Fog of war and the cost of war in Libya
Stop the War Coalition
19 June 2011
The fog of war is particularly dense when it applies to the cost of war, as Ian Katz point out in his article What's it costing British taxpayers to bomb Libya?
The Libya war doesn’t seem to have a price tag on it; even though the government prosecuting it is busy calculating that we cannot afford present levels of disability allowance or a public NHS, let alone optional extras such as libraries, youth centres and nurseries.
One estimate put the cost at £1bn by the autumn but Katz’s attempts to get this verified -- or to be given any other alternative figure _failed as he was passed round different government departments.
The unlimited special allowance handed over to the military in times of war (and we are now permanently in times of war) would come as a shock to most people.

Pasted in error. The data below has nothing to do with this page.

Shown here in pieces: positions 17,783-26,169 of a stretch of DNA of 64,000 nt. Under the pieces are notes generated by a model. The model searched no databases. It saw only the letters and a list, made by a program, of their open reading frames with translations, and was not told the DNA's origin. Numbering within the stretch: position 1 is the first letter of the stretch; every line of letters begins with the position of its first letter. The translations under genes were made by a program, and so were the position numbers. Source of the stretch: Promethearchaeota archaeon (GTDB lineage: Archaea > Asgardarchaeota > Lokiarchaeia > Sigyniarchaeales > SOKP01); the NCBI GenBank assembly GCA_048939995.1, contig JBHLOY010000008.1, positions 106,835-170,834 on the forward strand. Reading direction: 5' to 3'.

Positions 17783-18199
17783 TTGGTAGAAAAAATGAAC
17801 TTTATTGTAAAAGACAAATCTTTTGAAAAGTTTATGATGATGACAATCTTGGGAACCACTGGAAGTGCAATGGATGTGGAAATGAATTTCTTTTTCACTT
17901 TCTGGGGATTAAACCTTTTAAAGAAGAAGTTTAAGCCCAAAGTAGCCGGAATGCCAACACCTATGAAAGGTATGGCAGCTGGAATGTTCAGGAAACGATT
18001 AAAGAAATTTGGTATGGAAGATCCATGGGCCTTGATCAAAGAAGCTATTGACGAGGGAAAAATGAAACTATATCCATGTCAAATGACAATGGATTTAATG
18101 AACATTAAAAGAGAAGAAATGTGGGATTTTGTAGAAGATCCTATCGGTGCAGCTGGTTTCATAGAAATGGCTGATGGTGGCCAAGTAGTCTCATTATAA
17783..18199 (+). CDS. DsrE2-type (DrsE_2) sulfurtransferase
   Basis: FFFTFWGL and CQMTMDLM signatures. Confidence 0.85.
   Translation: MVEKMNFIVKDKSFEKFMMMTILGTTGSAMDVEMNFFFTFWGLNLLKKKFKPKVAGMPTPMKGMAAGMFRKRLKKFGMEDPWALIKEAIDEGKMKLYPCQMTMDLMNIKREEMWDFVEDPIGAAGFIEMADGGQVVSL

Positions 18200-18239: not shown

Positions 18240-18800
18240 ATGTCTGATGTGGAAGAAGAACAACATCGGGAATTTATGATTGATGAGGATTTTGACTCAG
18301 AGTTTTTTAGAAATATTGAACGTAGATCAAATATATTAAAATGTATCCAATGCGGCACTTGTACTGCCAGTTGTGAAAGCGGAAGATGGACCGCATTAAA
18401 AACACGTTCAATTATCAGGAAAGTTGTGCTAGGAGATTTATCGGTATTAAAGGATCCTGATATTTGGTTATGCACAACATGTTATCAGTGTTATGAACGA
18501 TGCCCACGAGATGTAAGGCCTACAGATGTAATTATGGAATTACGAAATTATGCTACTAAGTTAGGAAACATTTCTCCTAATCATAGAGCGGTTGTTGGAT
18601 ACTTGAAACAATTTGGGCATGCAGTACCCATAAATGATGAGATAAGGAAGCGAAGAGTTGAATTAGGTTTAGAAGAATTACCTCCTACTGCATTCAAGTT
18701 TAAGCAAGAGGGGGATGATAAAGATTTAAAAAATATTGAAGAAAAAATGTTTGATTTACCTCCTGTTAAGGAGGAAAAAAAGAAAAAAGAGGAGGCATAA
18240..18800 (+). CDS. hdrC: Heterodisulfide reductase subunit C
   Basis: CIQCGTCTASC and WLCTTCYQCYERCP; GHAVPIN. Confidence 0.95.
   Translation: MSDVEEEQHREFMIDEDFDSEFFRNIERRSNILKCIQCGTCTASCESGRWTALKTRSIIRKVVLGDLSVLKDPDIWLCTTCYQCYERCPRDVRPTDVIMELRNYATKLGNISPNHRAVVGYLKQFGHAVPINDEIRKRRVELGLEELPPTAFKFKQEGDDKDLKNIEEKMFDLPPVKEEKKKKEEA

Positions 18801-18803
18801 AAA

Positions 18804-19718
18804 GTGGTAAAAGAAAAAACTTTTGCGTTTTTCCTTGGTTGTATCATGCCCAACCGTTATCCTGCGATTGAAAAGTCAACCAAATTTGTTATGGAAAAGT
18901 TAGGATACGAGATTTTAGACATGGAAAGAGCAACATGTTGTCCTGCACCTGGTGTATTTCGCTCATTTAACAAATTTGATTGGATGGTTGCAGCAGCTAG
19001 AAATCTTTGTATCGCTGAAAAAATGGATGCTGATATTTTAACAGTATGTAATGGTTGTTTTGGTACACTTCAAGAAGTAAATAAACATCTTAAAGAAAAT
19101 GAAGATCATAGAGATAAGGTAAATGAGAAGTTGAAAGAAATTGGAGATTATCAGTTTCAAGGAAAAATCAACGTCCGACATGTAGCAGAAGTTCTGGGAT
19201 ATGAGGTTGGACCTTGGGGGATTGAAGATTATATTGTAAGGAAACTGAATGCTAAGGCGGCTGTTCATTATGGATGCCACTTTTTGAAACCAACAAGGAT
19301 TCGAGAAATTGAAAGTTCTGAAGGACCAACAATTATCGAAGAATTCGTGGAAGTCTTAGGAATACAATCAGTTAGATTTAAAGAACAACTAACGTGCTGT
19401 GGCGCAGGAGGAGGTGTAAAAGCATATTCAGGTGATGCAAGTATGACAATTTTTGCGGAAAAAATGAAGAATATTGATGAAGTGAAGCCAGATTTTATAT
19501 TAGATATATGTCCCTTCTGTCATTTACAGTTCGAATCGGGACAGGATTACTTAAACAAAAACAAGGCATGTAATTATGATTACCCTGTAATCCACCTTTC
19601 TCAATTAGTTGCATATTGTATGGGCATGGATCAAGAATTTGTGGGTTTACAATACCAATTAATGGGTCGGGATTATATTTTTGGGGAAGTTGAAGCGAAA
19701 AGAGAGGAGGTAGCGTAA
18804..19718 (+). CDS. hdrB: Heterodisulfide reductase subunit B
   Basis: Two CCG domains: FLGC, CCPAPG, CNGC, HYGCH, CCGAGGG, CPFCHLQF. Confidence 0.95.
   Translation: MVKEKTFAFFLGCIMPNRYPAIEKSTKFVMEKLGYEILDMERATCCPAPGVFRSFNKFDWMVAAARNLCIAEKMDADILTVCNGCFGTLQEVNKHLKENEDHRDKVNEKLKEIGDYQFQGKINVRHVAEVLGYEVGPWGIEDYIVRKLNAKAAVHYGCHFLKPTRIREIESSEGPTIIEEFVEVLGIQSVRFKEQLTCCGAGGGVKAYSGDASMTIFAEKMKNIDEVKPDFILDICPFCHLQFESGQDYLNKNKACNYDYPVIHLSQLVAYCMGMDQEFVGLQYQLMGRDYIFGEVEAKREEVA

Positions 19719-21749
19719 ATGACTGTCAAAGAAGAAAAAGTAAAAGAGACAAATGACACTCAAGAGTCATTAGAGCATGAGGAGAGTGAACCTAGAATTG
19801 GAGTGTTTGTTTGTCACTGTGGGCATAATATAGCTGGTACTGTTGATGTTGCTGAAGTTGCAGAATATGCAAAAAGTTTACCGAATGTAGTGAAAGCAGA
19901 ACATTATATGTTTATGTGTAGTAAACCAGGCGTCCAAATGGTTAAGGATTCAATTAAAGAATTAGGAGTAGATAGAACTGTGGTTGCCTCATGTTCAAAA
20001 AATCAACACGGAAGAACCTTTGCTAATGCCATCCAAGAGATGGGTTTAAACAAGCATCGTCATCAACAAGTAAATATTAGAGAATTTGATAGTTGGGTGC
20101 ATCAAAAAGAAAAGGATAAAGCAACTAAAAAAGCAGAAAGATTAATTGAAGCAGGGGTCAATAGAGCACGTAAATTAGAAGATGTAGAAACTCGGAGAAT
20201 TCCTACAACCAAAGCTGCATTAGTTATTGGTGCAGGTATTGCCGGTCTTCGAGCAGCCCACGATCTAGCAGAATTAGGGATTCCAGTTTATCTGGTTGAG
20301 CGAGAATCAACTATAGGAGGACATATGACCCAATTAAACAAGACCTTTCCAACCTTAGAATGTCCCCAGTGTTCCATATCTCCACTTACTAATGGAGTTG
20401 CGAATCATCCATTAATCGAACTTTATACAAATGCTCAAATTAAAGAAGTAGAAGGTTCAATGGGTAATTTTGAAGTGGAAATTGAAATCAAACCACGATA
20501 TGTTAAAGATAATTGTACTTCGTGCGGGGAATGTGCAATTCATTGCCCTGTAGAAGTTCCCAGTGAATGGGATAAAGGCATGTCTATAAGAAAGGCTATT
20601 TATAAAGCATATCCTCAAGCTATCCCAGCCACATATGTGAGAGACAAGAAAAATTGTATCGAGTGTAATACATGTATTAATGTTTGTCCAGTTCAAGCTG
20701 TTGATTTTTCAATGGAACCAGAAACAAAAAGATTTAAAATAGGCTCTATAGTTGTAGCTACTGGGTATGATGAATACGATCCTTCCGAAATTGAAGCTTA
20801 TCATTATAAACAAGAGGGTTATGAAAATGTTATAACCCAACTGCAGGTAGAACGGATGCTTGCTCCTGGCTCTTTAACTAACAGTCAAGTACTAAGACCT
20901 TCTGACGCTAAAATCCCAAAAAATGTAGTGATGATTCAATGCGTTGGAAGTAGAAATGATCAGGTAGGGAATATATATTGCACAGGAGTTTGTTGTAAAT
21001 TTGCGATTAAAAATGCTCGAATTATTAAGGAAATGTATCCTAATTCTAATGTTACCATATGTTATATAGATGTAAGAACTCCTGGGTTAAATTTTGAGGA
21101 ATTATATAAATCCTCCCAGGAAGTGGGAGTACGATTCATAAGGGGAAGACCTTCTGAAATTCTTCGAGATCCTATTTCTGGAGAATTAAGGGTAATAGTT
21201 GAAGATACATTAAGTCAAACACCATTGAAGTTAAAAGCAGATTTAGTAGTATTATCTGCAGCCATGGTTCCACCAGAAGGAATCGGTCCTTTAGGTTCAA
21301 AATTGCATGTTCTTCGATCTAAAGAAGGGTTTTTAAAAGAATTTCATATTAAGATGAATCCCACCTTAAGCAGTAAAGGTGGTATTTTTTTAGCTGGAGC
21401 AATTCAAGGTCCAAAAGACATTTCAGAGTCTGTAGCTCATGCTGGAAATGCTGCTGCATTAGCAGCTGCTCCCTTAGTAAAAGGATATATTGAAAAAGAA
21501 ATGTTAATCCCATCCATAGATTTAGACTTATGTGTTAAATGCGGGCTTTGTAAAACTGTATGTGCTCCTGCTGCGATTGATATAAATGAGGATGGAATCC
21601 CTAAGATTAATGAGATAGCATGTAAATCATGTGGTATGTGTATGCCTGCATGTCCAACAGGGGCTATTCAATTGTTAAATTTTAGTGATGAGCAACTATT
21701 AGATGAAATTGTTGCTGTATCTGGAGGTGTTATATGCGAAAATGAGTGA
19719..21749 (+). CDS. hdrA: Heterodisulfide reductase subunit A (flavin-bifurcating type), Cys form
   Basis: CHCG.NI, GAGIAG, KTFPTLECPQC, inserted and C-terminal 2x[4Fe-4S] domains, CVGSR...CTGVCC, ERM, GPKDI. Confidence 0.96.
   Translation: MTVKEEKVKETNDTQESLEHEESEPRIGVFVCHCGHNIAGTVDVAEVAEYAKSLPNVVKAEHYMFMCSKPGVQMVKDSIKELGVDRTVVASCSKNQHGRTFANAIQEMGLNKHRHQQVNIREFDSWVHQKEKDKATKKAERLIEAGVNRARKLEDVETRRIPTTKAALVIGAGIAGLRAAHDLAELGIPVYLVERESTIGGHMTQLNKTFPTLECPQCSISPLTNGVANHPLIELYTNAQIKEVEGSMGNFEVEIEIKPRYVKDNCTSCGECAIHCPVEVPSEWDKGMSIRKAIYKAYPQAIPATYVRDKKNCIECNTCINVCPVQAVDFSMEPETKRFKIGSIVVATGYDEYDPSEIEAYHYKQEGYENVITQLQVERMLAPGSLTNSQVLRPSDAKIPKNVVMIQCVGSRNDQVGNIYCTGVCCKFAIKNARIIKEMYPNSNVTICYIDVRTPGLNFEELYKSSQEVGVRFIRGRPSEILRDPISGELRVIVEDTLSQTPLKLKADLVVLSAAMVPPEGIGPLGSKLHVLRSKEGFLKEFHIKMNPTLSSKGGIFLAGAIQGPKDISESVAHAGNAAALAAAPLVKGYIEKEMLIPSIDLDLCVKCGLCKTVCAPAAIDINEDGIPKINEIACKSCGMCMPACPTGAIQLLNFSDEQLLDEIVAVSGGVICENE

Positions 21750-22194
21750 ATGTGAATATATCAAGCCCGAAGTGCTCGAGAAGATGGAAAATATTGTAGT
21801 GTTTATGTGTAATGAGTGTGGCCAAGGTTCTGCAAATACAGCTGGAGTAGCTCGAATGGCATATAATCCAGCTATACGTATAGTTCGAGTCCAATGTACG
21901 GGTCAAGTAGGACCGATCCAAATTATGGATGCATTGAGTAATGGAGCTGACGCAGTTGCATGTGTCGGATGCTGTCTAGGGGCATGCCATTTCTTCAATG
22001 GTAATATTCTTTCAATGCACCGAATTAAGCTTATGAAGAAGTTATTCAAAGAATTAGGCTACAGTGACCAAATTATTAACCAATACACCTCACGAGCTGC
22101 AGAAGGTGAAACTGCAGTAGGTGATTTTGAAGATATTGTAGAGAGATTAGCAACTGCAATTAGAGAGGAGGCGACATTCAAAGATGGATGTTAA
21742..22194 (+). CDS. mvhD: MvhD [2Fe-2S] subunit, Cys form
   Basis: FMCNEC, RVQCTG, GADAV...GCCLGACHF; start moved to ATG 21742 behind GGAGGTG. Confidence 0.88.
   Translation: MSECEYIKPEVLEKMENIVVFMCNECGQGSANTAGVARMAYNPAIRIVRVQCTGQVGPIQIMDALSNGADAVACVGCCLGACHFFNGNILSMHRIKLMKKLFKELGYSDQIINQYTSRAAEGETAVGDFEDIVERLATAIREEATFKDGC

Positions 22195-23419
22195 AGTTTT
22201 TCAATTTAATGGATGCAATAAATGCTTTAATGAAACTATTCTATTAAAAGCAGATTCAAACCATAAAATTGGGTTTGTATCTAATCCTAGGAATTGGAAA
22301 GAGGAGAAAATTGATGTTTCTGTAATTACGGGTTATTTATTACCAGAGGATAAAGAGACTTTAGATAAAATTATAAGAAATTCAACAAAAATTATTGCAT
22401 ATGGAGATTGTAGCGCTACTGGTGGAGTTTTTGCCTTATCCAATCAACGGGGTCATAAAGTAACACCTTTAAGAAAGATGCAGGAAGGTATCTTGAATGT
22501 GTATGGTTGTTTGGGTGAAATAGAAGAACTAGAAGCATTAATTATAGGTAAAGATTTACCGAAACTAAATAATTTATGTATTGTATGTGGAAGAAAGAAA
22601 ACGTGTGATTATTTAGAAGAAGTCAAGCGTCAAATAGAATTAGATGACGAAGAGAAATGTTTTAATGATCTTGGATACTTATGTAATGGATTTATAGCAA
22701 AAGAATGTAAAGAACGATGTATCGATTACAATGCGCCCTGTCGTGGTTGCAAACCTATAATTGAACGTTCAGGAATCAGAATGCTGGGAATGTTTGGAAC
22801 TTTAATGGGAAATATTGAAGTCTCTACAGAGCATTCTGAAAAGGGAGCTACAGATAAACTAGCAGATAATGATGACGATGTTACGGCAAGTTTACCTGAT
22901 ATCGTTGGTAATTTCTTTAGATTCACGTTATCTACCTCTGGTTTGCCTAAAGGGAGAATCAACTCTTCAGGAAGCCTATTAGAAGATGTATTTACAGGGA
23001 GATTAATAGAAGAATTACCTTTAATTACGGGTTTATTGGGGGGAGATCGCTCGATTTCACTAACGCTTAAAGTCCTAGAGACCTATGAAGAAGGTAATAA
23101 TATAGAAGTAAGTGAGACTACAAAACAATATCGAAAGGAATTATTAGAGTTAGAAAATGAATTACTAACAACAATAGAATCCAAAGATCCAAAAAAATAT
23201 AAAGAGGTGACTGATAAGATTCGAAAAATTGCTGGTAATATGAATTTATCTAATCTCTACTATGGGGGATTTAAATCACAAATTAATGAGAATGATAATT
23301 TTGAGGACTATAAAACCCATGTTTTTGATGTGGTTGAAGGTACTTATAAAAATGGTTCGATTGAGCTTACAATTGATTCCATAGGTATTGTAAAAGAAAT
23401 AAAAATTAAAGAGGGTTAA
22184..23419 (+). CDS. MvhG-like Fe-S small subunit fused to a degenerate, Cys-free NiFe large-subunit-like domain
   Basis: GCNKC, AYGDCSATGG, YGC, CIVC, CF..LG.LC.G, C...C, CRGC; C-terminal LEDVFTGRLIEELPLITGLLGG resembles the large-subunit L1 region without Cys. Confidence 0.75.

A government which claims that we all have to tighten our belts because we have collectively maxed out on the national credit card might find it hard to explain why a few of us continue to binge on platinum and gold cards in the name of ‘defence’.
The cost of the Libya war comes out of treasury reserves -- unlike the £5bn a year earmarked for Afghanistan. But treasury reserves can be spent on anything. Why not spend them on the Education Maintenance Alowance (EMA), or bringing care homes back into public ownership, or cutting VAT, or maybe even maintaining public sector pensions?
These are the sorts of questions which MPs should be asking but they are conspicuous for the most part only by their complicity and apathy over another war they can’t be bothered to understand.
Those of us clutching dog eared library books, wondering how we are going to work longer for less money and fearing for our children’s future should ask these MPs why there never has to be a jumble sale to raise money for an Apache helicopter?
With the sad death of Brian Haw announced yesterday, it’s just the time to recommit to ending these wars -- and make the politicians sit up and listen.